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Q&A with Professor Luke Theogarajan

by Sonia Fernandez

Before joining the faculty at UC Santa Barbara’s College of Engineering, Luke Theogarajan lent his circuit designing expertise to Intel for five years as part of the Pentium 4 design team. An electrical engineer by training, Theogarajan has a Ph.D. in electrical engineering and computer science from Massachusetts Institute of Technology.

However, his talents aren’t limited to the world of computers. Theogarajan’s research interests have applications in fields as diverse as biomedicine and energy efficiency, thanks to collaborations with various researchers on campus. His work has earned him four patents and prestigious recognition, including the 2010 NIH New Innovator Award and a 2011 NSF Career Award.

Theogarajan, who heads the Biomimetic and Nanosystems Group, is a founding faculty member for UCSB’s Center for Bioengineering, and designed the undergraduate curriculum for a new Bioengineering emphasis for College of Creative Studies biology majors. He has also received a Northrup Grumman Excellence in Teaching Award in 2011 and was named outstanding faculty member in the electrical engineering department for four years straight.

Convergence interviewed Theogarajan about his work and the many applications that have come from it.


C: What are the main areas of research in which you’re concentrating right now?

LT: I can broadly classify my work in two areas. One is in biomedical engineering, and the other one is in high-speed communications, which actually grew out of some research I was doing in biomedical engineering, but fundamentally, neural interfaces is the one thing that I’ve dedicated my life to.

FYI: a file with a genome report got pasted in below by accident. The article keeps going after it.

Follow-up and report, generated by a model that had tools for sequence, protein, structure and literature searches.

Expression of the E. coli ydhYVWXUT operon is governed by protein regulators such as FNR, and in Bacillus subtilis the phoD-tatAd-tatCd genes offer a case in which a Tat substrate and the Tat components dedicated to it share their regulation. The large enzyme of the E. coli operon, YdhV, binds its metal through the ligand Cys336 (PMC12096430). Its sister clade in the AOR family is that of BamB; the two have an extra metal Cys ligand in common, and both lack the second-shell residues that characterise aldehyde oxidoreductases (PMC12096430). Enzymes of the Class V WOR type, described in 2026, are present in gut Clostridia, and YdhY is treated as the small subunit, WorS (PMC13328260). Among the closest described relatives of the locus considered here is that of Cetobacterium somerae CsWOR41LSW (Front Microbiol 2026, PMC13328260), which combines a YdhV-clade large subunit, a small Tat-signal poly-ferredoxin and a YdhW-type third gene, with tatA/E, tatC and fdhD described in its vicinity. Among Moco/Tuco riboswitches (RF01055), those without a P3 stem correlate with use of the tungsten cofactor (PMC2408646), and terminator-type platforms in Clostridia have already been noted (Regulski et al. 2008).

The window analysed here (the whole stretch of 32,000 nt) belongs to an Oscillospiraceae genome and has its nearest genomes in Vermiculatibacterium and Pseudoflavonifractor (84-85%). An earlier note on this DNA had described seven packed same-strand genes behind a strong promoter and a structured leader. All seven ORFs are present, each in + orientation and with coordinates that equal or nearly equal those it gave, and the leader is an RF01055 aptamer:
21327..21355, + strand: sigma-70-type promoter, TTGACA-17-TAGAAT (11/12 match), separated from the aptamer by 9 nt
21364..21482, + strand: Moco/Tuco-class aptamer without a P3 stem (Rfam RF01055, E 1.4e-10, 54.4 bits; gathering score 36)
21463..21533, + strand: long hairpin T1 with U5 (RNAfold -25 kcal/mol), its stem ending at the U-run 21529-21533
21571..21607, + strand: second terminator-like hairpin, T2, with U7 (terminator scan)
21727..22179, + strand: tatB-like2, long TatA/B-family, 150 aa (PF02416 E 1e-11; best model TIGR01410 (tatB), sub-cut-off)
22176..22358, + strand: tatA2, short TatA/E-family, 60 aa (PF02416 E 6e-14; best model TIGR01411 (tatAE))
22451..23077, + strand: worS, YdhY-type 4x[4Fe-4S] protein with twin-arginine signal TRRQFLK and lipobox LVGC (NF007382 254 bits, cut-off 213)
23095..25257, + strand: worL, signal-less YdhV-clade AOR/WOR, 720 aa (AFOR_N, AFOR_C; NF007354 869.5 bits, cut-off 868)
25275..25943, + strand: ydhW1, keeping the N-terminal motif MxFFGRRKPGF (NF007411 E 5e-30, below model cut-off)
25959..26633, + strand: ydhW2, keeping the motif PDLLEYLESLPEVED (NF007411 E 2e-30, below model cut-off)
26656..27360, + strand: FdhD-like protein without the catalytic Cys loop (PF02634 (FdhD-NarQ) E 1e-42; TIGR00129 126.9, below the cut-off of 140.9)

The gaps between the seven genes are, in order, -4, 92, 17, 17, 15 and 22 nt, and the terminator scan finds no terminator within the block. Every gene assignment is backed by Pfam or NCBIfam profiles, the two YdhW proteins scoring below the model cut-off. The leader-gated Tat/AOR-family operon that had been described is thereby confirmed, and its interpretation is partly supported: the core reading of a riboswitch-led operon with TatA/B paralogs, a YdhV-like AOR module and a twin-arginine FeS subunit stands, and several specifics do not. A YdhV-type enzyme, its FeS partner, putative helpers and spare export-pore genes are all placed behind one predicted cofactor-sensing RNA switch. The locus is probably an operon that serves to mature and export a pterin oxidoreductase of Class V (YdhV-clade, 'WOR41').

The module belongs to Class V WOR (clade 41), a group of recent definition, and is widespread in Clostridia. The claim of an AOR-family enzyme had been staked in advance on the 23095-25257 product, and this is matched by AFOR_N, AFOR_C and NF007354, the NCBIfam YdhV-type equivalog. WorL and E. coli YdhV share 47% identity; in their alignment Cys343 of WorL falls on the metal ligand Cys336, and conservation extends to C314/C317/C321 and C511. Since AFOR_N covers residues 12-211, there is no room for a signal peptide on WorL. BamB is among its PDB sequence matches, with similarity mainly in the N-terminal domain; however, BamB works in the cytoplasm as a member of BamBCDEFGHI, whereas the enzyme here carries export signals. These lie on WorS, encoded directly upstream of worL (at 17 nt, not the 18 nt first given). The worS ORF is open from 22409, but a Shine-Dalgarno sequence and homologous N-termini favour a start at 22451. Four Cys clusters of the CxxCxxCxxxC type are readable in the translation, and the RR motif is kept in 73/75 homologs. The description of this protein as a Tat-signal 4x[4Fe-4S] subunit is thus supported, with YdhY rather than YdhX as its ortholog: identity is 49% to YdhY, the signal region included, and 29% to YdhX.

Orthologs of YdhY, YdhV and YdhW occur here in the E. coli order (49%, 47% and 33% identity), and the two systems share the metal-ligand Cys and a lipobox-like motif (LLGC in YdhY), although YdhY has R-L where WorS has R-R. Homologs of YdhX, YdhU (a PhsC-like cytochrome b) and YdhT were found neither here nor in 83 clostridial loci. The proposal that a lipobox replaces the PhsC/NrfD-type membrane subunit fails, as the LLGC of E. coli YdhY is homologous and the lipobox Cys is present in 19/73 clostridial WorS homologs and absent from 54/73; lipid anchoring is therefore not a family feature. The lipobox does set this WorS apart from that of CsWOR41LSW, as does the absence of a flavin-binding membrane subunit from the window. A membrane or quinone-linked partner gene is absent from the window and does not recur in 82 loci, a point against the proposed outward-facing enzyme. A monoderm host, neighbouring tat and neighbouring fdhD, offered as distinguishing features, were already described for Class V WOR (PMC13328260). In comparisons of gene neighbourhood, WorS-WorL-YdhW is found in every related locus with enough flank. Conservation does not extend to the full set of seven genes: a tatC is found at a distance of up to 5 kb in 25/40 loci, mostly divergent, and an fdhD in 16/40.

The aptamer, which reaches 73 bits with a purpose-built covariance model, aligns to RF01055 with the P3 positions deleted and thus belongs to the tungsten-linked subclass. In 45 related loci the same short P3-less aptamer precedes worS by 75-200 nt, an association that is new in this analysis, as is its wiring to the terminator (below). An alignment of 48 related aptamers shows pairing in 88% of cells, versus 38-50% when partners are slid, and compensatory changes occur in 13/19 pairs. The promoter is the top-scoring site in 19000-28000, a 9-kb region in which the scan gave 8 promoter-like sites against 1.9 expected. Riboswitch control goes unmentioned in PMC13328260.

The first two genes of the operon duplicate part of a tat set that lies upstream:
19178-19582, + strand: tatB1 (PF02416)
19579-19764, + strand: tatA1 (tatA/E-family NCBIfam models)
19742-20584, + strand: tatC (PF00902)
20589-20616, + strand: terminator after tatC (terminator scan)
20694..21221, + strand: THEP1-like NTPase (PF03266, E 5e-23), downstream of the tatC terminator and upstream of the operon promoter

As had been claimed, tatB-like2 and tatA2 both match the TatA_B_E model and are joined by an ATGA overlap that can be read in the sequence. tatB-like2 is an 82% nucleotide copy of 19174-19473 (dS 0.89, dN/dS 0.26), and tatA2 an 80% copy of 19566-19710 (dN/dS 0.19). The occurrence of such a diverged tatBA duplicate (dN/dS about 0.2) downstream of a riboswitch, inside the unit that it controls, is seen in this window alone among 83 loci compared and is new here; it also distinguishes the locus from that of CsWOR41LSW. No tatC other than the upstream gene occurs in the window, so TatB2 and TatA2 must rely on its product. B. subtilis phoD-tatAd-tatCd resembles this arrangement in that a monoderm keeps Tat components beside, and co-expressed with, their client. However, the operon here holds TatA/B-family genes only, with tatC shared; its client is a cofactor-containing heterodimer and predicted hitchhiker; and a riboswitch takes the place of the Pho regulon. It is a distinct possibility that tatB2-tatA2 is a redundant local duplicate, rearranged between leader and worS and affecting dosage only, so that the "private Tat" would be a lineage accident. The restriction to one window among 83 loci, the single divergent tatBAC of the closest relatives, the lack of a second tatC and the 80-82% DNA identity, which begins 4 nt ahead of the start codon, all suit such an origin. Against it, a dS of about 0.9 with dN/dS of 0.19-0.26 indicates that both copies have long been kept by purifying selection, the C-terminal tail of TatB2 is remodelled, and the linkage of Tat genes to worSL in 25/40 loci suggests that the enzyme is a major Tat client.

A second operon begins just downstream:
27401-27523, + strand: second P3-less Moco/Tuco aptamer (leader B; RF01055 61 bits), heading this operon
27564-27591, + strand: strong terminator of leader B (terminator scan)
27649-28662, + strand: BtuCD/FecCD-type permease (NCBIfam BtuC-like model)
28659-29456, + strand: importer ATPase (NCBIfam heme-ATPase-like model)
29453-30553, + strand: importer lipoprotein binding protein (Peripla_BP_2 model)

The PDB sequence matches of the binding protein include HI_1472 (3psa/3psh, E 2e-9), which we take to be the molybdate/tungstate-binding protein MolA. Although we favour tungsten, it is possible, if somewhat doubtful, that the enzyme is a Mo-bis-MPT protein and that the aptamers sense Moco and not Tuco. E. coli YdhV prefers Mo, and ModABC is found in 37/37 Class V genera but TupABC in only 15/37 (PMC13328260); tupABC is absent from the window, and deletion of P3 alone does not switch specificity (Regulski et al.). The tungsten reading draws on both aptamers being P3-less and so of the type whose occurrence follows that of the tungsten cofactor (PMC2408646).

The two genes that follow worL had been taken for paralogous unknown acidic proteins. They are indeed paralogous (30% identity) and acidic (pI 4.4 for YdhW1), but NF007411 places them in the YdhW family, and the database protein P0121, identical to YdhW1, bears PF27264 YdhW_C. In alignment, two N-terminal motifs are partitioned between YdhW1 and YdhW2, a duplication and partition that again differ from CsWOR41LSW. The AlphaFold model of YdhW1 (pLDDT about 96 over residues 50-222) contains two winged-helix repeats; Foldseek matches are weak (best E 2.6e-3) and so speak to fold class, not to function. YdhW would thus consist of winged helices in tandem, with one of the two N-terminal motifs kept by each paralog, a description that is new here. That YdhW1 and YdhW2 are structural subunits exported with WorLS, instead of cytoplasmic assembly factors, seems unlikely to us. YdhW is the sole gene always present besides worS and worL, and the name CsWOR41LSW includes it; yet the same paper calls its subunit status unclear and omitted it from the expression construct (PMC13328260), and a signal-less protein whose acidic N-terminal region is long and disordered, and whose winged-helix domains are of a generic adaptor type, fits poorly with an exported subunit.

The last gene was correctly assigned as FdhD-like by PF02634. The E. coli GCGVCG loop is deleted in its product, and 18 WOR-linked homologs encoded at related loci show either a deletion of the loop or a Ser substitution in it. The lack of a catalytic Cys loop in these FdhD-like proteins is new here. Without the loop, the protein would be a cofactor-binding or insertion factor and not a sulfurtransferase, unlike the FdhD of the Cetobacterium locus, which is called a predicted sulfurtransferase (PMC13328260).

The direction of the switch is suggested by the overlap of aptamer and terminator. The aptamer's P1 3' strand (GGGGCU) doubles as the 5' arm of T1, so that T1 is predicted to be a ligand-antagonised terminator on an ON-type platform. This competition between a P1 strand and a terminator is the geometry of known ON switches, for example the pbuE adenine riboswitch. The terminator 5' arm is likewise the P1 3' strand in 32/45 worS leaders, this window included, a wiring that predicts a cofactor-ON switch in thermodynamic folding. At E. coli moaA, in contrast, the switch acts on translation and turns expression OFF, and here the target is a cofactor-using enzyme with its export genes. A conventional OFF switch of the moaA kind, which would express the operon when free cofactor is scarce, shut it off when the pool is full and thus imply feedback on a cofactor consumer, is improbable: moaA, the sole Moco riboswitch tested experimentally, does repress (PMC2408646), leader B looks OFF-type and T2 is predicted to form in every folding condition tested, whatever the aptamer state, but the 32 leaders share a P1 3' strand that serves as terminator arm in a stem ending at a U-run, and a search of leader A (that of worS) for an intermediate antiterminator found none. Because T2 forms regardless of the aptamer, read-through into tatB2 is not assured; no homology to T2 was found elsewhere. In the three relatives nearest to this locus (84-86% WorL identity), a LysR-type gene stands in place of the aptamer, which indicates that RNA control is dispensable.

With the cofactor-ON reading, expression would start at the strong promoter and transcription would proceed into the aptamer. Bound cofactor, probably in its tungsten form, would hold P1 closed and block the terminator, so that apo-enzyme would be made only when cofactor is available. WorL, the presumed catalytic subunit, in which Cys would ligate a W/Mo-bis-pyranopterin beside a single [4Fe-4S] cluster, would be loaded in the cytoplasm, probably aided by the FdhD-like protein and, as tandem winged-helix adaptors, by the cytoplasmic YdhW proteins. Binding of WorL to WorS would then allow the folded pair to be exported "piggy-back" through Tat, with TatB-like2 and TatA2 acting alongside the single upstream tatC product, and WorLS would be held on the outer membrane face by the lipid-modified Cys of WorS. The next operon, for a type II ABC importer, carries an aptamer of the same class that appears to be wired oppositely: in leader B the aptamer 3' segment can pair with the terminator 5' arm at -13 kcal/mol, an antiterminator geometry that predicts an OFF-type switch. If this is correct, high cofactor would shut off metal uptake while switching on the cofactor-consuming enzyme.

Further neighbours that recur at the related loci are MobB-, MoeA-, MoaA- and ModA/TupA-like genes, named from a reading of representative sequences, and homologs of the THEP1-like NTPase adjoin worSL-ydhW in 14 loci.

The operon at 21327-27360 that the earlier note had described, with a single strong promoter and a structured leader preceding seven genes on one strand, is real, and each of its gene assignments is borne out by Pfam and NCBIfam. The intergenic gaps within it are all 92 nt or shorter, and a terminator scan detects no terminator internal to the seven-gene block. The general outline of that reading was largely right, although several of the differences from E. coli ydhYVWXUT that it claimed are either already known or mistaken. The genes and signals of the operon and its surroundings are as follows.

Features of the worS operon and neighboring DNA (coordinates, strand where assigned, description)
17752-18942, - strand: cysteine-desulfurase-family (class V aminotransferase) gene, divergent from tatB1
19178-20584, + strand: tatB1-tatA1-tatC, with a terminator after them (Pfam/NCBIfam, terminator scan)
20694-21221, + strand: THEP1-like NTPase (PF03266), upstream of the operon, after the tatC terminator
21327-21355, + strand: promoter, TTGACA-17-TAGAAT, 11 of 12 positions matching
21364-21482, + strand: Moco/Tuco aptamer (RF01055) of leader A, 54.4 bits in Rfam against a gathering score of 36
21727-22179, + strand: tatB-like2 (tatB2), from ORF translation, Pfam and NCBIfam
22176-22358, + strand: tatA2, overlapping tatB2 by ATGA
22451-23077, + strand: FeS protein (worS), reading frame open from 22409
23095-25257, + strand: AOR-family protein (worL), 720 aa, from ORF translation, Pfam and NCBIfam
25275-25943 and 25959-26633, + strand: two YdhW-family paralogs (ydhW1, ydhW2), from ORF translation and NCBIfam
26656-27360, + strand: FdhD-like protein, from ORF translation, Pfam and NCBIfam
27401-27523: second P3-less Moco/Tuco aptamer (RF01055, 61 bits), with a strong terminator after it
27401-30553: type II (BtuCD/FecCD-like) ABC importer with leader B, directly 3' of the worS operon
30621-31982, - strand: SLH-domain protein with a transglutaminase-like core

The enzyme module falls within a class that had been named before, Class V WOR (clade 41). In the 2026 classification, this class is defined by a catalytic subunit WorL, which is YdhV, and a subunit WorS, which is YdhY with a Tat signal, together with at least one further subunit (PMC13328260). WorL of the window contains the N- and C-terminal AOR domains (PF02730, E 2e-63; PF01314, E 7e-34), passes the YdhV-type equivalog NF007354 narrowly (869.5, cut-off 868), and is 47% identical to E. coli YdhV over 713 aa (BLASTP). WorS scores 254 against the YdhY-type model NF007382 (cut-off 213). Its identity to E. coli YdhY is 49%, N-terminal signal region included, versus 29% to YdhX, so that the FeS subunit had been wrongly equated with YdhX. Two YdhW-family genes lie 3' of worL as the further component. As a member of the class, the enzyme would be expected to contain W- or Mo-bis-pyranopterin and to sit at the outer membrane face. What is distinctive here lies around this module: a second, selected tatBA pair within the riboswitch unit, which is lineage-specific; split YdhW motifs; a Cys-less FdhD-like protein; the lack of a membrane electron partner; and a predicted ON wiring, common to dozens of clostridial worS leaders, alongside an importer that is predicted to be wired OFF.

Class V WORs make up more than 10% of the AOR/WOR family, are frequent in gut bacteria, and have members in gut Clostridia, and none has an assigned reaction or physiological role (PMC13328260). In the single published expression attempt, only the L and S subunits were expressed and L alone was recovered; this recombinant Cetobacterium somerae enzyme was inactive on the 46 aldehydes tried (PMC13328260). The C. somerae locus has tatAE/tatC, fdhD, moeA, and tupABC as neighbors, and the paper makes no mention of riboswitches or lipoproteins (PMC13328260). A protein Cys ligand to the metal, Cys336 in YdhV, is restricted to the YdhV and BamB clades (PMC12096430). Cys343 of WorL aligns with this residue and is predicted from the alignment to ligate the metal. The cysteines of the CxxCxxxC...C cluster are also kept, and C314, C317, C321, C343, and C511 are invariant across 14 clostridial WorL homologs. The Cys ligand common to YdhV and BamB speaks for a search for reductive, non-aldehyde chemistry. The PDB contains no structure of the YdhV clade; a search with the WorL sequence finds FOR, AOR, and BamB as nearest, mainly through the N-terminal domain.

C: You started your work with neural interfaces before you came to UCSB; tell us what kind of work you’ve done.

As a graduate student at MIT, the main work I did there was to develop an electrical implant that goes inside the eye and stimulates the retina, eventually sending information to the brain.

In the middle of my Ph.D., I changed direction. I realized that if a visual prosthesis of any significance is going to be developed at some point there has to be a different interface to the nervous system. It cannot be electrical, because the power required for the distance the current needed to travel would generate too much heat eventually leading to cell death. Current implants have limited number of electrodes to around 64-100, which pales in comparison to the 140 million photoreceptors in the eye. So if you are using a limited number of electrodes then it is imperative that you know the precise relationship between electrical stimulation and the neural code sent to the brain, which has not been deciphered yet.

What we’ve been trying to concentrate on is a chemical interface, because if you deliver a sufficient amount of potassium ions local to the neuron, it will actually make the neuron fire, because it upsets the chemical balance. So the question then was: How do you actually make a device that can uptake potassium from the body and release it on command? You have to make a system that almost mimics a real living cell.

What is fundamentally needed for a chemical prosthesis is a scaffold by which you can mimic neurons. You want to make artificial channels and membranes. We developed a system where we take a very thin inorganic membrane about 30 nanometers thick and drilled very tiny holes using a focused electron beam, creating a structural ion channel scaffold. Once we had the structural motif, we needed to enable the functionality of recognition. What we’re doing now is to attach a recognition molecule in the interior of the pore so it selectively moves things across.


C: Your research into biomimetic materials has had other applications as well.

Originally, when I was doing my Ph.D, I had to figure out a way to make a synthetic molecule that behaved like a lipid, so I made a polymer system based on previous research that was done by others, and I modified it to the purposes that I needed. That ended up having interesting properties that are useful for drug delivery. We just published a paper about making very modular blocks using “click” chemistry, which is a popular way of coupling polymers together.